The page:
Last year at Catalyst I heard the Parable of the Good Samaritan in a way that I hadn’t really thought of it before. Growing up, when I heard the story, I just generally concluded that the priest and the Levite that passed the hurt man on the side of the road were bad people and that the Good Samaritan was really the only good guy of the bunch. But last October Christine Caine said something about this story that has rocked my world. And it keeps coming up.
But she basically just said that these first two men were Godly men. The first was a priest, someone teaching the Gospel. the Levites were called to serve the priests and to take care of the tabernacle. The point being is that they were Godly men. Her thought was that they were Godly men, but were busy. They were probably on their way to their congregation, or on their way to a meeting or on their way to their next conference and were going to what they thought was their ministry when really they weren’t seeing that the focus of their ministry was lying on the side of the road dying.
They were busy.
But the Good Samaritan, he was willing to be interrupted. He felt compassion and had mercy on the man who was hurt and dying. He took the time that he probably didn’t have, the energy that was probably waning and the money that he had earned and took care of someone he didn’t know and may never see again. I think Christine Caine also said that the effectiveness of your ministry is directly linked to your willingness to be interrupted…ouch.
This past week has really brought this story around for me. Right now there’s a lot of pain and sickness and just yuck going on with some of my friends and their families. People are sick and at different hospitals in our area. And I feel like I need to be everywhere to spend some time with them, let them know that I’m there for them, when really what I want to do is curl up in bed and sleep. Oh, I’ve got to get up early tomorrow morning, so I can’t make the two-hour round trip to the hospital with you because then I’ll be tired for work, and that’s just not how I want to show up for work…Because that’s an awesome excuse.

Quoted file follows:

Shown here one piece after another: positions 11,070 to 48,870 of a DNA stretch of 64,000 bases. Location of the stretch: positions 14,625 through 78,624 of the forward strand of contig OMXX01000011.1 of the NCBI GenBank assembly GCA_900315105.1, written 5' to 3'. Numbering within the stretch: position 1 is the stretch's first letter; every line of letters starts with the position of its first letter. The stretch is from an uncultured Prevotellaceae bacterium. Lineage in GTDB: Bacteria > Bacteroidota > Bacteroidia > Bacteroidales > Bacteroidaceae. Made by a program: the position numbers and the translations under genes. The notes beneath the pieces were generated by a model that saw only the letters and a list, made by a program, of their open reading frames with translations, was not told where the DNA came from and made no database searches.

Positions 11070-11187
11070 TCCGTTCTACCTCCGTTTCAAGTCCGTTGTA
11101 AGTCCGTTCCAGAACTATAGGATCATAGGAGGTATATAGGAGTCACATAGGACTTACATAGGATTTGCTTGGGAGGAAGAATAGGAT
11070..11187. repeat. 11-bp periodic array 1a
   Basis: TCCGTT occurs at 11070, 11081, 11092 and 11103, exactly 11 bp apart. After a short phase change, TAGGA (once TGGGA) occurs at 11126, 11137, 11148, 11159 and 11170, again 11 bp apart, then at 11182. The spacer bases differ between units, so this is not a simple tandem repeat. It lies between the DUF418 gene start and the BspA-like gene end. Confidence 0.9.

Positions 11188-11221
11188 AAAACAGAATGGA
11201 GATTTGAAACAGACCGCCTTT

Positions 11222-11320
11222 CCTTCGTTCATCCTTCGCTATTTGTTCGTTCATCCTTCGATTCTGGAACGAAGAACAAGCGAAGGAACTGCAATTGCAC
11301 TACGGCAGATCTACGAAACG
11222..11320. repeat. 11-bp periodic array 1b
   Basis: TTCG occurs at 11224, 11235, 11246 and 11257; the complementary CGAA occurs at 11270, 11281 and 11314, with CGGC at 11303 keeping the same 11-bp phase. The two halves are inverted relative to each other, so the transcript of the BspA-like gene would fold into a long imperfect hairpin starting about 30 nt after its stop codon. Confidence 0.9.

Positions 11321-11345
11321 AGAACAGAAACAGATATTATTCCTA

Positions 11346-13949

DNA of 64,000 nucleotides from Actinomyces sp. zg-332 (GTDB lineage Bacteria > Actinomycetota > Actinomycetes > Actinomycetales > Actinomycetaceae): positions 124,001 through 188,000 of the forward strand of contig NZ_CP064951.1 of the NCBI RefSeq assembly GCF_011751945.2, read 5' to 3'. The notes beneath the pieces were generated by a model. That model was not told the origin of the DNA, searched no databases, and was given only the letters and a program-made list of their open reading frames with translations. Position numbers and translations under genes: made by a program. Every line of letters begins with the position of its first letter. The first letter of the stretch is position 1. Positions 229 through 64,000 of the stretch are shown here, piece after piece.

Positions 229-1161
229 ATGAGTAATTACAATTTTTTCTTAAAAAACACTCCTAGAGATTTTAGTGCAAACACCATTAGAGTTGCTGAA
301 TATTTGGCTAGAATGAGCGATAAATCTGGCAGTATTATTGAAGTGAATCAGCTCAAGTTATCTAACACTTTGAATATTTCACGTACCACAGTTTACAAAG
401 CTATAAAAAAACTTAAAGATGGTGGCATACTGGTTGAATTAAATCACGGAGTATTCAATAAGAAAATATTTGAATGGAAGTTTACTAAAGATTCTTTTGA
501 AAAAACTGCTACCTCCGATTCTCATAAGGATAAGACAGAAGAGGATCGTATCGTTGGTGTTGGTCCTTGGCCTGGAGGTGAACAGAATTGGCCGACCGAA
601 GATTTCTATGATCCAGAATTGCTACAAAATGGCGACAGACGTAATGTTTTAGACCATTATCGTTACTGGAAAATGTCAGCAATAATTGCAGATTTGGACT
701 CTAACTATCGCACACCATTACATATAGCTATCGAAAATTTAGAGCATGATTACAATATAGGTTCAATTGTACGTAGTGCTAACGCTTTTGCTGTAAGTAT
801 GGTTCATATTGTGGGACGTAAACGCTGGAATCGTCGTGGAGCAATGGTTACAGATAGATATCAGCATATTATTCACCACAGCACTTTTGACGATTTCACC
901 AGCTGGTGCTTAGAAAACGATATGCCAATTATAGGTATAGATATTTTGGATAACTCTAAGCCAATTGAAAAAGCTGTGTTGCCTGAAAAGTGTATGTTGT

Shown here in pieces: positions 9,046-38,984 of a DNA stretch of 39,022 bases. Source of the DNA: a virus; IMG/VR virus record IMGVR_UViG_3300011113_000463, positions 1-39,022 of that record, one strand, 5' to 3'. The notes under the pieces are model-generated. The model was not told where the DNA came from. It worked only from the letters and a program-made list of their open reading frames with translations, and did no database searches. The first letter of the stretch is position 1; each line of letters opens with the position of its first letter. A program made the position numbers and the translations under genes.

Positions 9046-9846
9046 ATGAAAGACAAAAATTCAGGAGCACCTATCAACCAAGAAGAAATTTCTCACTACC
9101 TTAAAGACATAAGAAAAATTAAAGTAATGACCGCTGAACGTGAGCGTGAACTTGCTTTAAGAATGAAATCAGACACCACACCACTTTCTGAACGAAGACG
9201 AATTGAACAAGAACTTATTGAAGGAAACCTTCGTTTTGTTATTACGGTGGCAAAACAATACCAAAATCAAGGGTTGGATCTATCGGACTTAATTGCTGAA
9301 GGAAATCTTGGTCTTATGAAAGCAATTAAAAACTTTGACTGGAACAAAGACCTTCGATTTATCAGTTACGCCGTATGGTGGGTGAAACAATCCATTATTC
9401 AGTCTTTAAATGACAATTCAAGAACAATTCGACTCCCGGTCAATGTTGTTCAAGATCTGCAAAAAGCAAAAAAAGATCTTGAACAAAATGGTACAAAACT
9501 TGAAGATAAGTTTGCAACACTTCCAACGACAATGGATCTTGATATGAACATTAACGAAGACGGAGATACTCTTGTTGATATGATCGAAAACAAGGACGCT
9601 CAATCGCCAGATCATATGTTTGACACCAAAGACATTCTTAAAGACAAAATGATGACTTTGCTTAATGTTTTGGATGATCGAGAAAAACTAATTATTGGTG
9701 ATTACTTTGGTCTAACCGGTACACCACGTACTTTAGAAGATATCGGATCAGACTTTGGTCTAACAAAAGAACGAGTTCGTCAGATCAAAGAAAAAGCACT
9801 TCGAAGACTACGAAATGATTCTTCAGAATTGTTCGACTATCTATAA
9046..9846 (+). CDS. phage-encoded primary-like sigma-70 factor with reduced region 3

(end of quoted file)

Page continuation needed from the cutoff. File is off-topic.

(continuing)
Have you ever tried to make that excuse to someone who is hurting? Yeah, I can’t really drive all that way to spend time with you because I don’t want to be tired in the morning. I know you need help and support, but, well, I just don’t have the energy.
Try telling that to someone who has been sitting in the hospital for days stressing over a loved one who is sick.
Tonight we read about generosity in 2 Corinthians 8. One verse stuck out to me, brought up by my friend, Dena. “At the present time your plenty will supply what they need, so that in turn their plenty will supply what you need. Then there will be equality.” 2 Corinthians 8:14.
So I’m learning to give more of myself. I’m trying to love more, and being there for people is huge. You probably won’t know how huge until you need someone. I’m learning not to have a panic attack when I step into hospital waiting rooms or hospital rooms themselves. Until last October I probably wouldn’t have come to visit you in the hospital. I would have went to see you at home, but not a hospital. I’m learning that love always runs to hurt and pain and not away. I’m learning to live a life, well, interrupted.
I’m sorry for being selfish with my time when you needed me. I’m sorry for putting what I desired over what you needed. I’m sure it will happen again at some point, but it’s my goal to continue to learn and get better.
But as I hugged a friend at the hospital Wednesday night as his family was going through a really rough time I was reminded the beauty of being there for someone. And as I lay at the hospital until the early hours of Saturday morning this weekend listening to the rhythmic heartbeat of my friends’ unborn child, I was awakened to the beauty and goodness and compassion and grace of our unrelenting God.